The British Newspaper Archive brings you news from India, China, and further East during the height of the British Empire. The Homeward Mail from India, China and the East was first published in 1857 by Messrs. Smith, Elder, & Co. and provided Britain with news from its colonies in the East. The publishing company also produced the first Dictionary of National Biography and worked with major authors such as Charlotte Brontë, George Eliot, Alfred Tennyson, and Arthur Conan Doyle. Along with The Homeward Mail, they published The Overland Mail, a newspaper for people living in the East featuring news of Britain and Europe.
A predominate part of The Homeward Mail focused on news from India, the crown in the British imperial crown. Each edition displayed a table of content on the front page. The news was organised by the three Indian presidencies – Bengal, Bombay, and Madras – and then news from China. At the time of publication, India also included parts of present-day Pakistan, Bangladesh, Aden, and Burma.
Every edition usually ran between 30 and 40 pages in length and carried news of appointments, military orders, commercial and shipping intelligence, and the latest in political news. In the early years, The Homeward Mail was published every two weeks, and then by 1857, it was published weekly. In 1907, the paper amalgamated with Allen’s Indian Mail and expanded its readership.
The first edition was published on 1 January 1857, only months before the beginning of the Indian Mutiny, also known as the Sepoy Mutiny or India’s First War of Independence. The conflict was reported by The Homeward Mail as the revolt of the Indian Army. On 13 November 1858, the details of a letter inciting rebellion from the King of Delhi, Bahadur Shah II, the last Mughal emperor, was published. It laid out numerous grievances felt by natives against the British government, such as, ‘the fixed tax they pay to the British Government is exorbitant, they are insulted and ruined by the constant sales of their estates for unpaid revenues’. To public servants, the King declared, ‘under the British Government they had little respect, low pay, and no manner of influence’. The King also explained that artisans were ruined after the introduction of British fabrics.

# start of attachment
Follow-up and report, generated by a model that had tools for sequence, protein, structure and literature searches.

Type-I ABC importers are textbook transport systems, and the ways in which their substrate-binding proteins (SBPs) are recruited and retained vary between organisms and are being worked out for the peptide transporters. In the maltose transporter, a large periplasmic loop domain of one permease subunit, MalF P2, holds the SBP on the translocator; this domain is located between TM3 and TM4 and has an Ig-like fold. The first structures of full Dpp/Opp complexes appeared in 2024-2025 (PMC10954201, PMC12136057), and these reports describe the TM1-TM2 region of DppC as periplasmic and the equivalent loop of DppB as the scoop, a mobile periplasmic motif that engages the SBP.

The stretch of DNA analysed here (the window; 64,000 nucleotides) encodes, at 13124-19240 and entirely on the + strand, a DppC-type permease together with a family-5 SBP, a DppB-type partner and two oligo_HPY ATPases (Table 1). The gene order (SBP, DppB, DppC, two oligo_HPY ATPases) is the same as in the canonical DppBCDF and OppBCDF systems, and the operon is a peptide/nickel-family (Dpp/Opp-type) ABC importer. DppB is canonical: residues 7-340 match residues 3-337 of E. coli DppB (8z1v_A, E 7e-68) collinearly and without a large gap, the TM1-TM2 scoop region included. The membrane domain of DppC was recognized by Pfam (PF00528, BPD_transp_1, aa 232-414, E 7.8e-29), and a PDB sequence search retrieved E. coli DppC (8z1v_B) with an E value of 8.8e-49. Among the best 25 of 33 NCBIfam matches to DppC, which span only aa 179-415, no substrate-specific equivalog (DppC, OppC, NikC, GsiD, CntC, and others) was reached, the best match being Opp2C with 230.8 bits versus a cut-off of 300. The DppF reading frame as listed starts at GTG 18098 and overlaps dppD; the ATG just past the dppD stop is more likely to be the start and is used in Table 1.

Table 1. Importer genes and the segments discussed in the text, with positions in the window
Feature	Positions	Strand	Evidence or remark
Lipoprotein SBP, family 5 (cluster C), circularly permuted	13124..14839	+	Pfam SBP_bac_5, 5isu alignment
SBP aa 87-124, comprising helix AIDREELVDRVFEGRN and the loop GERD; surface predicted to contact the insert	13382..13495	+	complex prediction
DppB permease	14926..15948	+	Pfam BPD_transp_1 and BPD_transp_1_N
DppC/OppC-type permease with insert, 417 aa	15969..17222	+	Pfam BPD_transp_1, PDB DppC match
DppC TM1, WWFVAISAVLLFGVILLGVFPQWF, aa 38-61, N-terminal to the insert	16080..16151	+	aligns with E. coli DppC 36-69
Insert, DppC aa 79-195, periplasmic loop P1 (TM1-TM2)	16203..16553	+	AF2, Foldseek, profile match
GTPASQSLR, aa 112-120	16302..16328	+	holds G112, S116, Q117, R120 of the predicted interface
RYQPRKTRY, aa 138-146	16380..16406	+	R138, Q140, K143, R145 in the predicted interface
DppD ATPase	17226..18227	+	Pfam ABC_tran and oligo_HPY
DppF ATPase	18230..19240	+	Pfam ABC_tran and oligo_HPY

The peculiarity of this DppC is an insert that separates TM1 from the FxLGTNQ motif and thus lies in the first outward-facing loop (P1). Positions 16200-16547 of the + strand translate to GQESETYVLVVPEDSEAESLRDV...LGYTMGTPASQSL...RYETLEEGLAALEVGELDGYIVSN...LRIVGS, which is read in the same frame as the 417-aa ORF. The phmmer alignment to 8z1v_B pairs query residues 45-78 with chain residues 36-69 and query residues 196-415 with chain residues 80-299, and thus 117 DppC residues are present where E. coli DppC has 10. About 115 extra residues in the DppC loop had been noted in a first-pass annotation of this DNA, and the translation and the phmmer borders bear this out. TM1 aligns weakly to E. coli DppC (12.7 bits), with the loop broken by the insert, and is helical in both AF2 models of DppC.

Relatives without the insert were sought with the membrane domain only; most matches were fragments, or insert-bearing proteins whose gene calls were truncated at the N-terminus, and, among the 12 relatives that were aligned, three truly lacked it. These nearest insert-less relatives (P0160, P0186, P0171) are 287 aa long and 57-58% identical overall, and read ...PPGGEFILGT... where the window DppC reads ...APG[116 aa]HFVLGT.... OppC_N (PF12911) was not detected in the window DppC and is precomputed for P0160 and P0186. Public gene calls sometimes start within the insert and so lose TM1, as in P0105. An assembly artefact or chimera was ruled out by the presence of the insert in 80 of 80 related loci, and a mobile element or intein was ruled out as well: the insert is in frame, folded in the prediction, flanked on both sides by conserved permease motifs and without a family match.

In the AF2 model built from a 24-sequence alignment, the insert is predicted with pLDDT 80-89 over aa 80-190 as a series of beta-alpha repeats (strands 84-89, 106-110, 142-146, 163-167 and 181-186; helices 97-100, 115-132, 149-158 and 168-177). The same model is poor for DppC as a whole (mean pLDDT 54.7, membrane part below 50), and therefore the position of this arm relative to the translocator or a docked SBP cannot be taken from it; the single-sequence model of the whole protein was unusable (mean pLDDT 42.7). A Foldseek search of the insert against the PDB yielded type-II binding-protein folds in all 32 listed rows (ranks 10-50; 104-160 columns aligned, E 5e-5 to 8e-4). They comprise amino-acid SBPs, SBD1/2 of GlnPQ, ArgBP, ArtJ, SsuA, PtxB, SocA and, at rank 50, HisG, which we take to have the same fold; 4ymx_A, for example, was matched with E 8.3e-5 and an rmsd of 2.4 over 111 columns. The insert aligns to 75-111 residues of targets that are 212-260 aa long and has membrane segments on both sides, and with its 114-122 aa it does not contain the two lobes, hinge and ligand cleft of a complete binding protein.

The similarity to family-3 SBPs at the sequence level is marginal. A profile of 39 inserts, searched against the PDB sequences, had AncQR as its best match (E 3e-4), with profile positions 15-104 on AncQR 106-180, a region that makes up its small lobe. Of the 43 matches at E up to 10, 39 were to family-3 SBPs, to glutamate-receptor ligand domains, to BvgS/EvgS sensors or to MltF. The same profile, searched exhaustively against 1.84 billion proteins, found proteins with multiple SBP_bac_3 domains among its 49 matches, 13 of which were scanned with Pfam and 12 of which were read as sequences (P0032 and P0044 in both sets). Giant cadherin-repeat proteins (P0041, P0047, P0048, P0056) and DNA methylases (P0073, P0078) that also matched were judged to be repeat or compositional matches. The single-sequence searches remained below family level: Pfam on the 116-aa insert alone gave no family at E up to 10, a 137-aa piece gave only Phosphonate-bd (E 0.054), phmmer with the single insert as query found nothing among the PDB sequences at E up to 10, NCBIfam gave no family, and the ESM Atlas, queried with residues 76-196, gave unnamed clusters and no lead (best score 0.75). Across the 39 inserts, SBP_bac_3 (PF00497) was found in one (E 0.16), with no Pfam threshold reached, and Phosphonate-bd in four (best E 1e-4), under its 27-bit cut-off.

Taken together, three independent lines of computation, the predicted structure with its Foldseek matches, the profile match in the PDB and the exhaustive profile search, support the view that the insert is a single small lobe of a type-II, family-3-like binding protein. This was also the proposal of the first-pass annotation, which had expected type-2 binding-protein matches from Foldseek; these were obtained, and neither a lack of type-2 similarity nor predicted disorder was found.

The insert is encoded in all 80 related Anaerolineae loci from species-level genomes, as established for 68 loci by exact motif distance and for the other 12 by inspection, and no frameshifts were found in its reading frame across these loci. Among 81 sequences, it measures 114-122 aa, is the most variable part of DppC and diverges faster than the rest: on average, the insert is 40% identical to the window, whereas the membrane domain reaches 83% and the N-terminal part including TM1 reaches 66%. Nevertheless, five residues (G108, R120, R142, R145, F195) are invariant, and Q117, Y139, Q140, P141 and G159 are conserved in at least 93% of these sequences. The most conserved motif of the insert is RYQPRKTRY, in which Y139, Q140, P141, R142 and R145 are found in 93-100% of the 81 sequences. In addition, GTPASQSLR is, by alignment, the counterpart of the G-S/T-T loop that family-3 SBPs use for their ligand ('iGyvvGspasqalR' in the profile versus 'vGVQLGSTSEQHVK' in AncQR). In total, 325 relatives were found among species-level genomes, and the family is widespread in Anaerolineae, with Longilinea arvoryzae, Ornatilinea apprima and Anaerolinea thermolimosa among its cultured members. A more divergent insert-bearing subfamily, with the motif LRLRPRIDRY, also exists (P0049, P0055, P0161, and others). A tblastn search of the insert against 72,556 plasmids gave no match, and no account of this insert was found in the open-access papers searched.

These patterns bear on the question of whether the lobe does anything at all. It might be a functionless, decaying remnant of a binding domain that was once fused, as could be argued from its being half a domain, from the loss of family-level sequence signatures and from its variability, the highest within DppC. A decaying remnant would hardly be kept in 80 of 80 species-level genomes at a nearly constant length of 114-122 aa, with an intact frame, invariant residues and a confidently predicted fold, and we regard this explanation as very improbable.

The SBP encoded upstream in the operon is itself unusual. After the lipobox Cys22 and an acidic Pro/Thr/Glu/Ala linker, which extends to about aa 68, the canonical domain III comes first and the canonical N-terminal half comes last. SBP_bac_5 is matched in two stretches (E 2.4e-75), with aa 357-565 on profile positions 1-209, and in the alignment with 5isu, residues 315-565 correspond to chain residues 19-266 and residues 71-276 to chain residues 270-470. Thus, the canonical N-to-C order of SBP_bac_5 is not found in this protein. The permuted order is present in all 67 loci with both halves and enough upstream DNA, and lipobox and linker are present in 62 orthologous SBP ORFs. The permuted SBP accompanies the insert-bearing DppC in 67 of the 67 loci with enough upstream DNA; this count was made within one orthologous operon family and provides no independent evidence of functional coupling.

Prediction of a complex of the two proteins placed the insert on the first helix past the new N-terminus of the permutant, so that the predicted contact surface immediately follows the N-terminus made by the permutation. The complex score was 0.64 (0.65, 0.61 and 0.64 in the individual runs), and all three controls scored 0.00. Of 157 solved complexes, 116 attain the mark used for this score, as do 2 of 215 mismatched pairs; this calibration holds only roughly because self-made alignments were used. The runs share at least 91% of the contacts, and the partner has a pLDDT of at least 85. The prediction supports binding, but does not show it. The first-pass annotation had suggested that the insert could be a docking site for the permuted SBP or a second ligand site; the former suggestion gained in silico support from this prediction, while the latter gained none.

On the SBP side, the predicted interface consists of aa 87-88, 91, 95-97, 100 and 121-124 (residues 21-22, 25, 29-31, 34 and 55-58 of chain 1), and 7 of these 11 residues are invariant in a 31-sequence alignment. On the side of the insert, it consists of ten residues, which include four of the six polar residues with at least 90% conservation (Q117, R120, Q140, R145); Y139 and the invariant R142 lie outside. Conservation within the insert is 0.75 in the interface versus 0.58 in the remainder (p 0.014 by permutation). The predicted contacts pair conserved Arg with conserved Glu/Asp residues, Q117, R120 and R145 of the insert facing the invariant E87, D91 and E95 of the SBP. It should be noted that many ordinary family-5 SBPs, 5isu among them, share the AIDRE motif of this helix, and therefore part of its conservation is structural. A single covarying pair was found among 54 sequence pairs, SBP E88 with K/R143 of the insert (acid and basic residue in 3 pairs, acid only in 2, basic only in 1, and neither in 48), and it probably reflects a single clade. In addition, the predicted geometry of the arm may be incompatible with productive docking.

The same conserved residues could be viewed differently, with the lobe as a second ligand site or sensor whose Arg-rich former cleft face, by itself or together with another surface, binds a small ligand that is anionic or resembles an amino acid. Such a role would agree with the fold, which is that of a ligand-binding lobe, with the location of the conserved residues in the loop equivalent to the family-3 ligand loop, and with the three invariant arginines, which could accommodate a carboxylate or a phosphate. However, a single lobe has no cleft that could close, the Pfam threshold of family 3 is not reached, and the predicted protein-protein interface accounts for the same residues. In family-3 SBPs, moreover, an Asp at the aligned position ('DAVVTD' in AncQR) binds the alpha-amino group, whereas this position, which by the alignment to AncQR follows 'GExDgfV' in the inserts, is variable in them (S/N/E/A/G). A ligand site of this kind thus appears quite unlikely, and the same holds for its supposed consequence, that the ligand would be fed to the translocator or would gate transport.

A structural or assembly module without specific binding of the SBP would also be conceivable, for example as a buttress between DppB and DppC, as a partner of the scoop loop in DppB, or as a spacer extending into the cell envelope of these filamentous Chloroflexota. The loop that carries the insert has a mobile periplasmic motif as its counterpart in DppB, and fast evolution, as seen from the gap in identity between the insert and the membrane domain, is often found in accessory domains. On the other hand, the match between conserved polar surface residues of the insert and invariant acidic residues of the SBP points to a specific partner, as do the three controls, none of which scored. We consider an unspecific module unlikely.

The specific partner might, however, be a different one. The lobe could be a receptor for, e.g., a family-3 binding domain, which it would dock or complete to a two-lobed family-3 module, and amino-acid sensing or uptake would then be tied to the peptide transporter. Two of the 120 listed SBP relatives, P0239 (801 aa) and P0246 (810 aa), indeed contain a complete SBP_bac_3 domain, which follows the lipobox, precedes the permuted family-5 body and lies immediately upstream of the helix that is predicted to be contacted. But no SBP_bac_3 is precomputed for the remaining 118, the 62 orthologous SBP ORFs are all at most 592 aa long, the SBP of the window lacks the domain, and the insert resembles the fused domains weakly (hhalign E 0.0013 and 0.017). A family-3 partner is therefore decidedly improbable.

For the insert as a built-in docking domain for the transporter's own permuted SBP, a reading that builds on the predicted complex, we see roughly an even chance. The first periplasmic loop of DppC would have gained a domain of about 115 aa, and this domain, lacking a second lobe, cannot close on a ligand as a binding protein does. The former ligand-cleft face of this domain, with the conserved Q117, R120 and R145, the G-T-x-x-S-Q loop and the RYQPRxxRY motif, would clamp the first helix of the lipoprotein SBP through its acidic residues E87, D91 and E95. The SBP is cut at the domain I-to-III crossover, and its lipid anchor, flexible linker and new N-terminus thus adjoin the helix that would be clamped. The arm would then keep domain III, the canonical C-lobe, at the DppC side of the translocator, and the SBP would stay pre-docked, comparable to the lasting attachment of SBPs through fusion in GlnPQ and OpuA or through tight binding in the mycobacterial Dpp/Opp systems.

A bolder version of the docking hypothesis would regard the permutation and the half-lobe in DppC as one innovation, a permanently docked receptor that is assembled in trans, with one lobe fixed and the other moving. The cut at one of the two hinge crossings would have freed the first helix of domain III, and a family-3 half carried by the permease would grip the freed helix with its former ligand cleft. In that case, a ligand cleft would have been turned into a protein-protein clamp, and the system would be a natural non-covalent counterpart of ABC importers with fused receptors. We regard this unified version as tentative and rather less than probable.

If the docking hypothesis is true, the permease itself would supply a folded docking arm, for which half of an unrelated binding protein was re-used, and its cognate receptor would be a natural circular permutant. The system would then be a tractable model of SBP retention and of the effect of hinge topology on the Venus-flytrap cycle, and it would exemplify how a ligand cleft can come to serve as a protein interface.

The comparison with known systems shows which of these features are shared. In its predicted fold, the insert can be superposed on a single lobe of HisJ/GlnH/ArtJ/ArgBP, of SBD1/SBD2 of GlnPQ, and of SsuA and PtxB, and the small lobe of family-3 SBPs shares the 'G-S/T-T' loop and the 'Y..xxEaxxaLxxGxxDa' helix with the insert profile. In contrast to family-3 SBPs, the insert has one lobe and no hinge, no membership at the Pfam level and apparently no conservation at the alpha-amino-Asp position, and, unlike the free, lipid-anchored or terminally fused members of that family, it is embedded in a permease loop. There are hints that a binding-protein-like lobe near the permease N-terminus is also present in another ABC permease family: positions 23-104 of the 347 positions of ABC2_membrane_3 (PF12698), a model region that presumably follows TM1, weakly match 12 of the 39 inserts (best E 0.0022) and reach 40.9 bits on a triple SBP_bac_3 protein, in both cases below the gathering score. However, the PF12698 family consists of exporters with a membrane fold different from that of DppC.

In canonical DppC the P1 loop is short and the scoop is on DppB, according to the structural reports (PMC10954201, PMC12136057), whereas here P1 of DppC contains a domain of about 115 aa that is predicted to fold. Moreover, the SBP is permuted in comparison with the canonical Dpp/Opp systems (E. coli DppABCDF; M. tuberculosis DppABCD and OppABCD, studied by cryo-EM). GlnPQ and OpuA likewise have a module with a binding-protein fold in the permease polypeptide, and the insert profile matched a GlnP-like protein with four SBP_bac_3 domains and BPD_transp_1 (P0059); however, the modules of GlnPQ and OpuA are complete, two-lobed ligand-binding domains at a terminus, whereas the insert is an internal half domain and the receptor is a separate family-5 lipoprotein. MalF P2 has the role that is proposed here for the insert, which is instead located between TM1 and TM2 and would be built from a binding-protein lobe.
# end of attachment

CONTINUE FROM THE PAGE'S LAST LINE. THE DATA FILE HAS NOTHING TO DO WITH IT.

The widespread uprising was a turning point in Indian history, leading to the dissolution of the East India Company. After 1858, India was ruled directly by the British crown. Britain continued to rule India until 1947.
Another feature of the paper was to publish the names of passengers who arrived back in England and list births, marriages, and deaths. Notable names received a full obituary. For example, on Monday 17 June 1912, The Homeward Mail reported, ‘Dr. Selwyn, B.A., M.B., of Hyderabad (Sind) died at the Central Hotel, Kurrachee, on May 29. She underwent an operation at Hyderabad on the 13th, and as there was no improvement in her condition she was brought to Kurrachee on the 27th. She practised as a lady doctor in Hyderabad, and did much charitable work there, where she had a wide practice among the more notable zemindari families’.
State dinners were extensively covered, including the names of all those who attended. The paper commented on society news and followed the happenings of the aristocracy. On 4 January 1908, a commentary on a society event with both English and Indian women was published.
‘An Indian lady writes: A very enjoyable purdah party was held a day or two ago in Lady Stanley’s drawing-room. Considering that the meeting was the first of its kind in Allahabad, the number of its high-class Indian ladies present was appreciable. There were some English ladies also, among those present being Lady Burkitt, Lady Know,Mrs Aikman, andMrs Richards. The object of the meeting held at Lady Stanley’s was to promote social intercourse and genuine sympathy between England and Indian ladies’.
Let us know what you find while exploring The Homeward Mail from India, China and the East.